Notes From the Streamapocalypse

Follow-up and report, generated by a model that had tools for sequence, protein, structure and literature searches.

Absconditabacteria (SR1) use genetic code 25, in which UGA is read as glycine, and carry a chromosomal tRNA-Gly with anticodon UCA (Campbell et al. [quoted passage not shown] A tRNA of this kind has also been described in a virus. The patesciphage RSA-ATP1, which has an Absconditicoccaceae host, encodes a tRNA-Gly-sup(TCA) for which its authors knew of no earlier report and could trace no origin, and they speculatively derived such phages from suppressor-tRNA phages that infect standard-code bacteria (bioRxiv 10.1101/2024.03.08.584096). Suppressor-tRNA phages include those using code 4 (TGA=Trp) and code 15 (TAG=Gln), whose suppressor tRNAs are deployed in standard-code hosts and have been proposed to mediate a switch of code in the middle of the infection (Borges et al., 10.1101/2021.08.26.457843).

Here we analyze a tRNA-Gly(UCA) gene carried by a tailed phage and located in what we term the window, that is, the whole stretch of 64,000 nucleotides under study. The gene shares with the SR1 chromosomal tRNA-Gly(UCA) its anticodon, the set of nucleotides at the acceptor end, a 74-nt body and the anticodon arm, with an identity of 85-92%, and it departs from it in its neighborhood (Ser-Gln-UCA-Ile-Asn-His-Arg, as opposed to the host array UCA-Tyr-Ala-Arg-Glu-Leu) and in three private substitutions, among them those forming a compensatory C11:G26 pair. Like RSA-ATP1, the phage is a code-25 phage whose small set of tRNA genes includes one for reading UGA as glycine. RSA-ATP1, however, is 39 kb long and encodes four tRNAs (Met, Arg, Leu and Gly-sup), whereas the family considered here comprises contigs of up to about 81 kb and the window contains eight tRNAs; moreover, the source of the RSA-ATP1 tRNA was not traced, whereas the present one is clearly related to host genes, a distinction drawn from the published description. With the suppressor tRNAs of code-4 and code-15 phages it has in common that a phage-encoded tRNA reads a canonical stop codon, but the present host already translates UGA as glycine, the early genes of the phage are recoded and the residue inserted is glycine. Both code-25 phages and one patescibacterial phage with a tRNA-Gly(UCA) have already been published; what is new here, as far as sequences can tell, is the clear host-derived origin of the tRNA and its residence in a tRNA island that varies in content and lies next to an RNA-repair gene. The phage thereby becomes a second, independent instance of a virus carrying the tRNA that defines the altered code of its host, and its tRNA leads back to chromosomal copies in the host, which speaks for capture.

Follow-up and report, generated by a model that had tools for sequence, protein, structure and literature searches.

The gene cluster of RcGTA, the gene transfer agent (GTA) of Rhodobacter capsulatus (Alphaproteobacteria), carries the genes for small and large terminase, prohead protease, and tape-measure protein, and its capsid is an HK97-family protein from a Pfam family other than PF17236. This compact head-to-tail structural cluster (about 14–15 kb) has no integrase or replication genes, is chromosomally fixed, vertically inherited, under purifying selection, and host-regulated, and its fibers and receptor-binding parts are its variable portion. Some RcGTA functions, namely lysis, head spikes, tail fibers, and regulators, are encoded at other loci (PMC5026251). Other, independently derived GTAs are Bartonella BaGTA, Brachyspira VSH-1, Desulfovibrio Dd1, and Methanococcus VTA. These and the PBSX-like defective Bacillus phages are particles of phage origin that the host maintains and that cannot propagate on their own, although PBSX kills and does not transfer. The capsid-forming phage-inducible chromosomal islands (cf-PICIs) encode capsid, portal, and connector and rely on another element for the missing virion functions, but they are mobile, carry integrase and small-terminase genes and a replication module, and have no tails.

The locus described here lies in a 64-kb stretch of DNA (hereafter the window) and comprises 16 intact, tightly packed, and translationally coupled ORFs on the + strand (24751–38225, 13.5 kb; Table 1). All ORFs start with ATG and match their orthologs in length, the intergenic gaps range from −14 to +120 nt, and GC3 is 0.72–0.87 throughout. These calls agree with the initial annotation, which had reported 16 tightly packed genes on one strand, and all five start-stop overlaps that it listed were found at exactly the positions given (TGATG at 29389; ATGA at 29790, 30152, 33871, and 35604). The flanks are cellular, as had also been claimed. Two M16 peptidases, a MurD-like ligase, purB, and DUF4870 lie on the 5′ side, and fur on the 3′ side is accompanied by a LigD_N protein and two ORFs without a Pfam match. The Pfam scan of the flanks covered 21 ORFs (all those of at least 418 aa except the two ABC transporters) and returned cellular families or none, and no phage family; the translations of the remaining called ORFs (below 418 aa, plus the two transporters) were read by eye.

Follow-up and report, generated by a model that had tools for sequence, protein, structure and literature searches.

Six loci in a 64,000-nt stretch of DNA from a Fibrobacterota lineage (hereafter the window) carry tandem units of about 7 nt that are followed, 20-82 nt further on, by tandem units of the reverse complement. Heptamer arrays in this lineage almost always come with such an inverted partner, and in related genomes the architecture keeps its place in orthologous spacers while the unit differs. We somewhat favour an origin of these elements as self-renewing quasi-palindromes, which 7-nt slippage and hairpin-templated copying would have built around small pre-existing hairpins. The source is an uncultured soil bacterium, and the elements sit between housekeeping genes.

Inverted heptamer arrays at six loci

Until last month, 2019 felt like a year in which popular culture was winding itself down. What seems like an abnormal number of shows, including juggernauts like Game of Thrones, wrapped up their stories, while others were cancelled. Collaborations like the Netflix MCU were brought to an abrupt end. Everywhere there was a feeling of holding one's breath, clearing the decks in preparation for the coming onslaught. And then, a few weeks ago, that deluge arrived with the launch of Apple TV+ and Disney+, two new streaming platforms seeking to directly challenge Netflix and Amazon for primacy in a field that already feels hopelessly crowded and balkanized. Scripted TV is only one front in that fight (Disney+, for example, can afford to launch with only one original scripted series because it has such an enormous back-catalog to boast of, whereas Apple+ is scrambling to measure up with four new scripted series, and more to come). But it's the one I find most interesting. Overall, my verdict is that all of these shows are ambitious, and a few are interesting, but none of them are truly great (and all suffer from the besetting flaw of streaming TV, of working better at a binge, which obscures annoying tics and makes the plot seem to flow better, than in weekly installments). If this is the future of television, my reaction to it is decidedly qualified, with a few sprinklings of hope.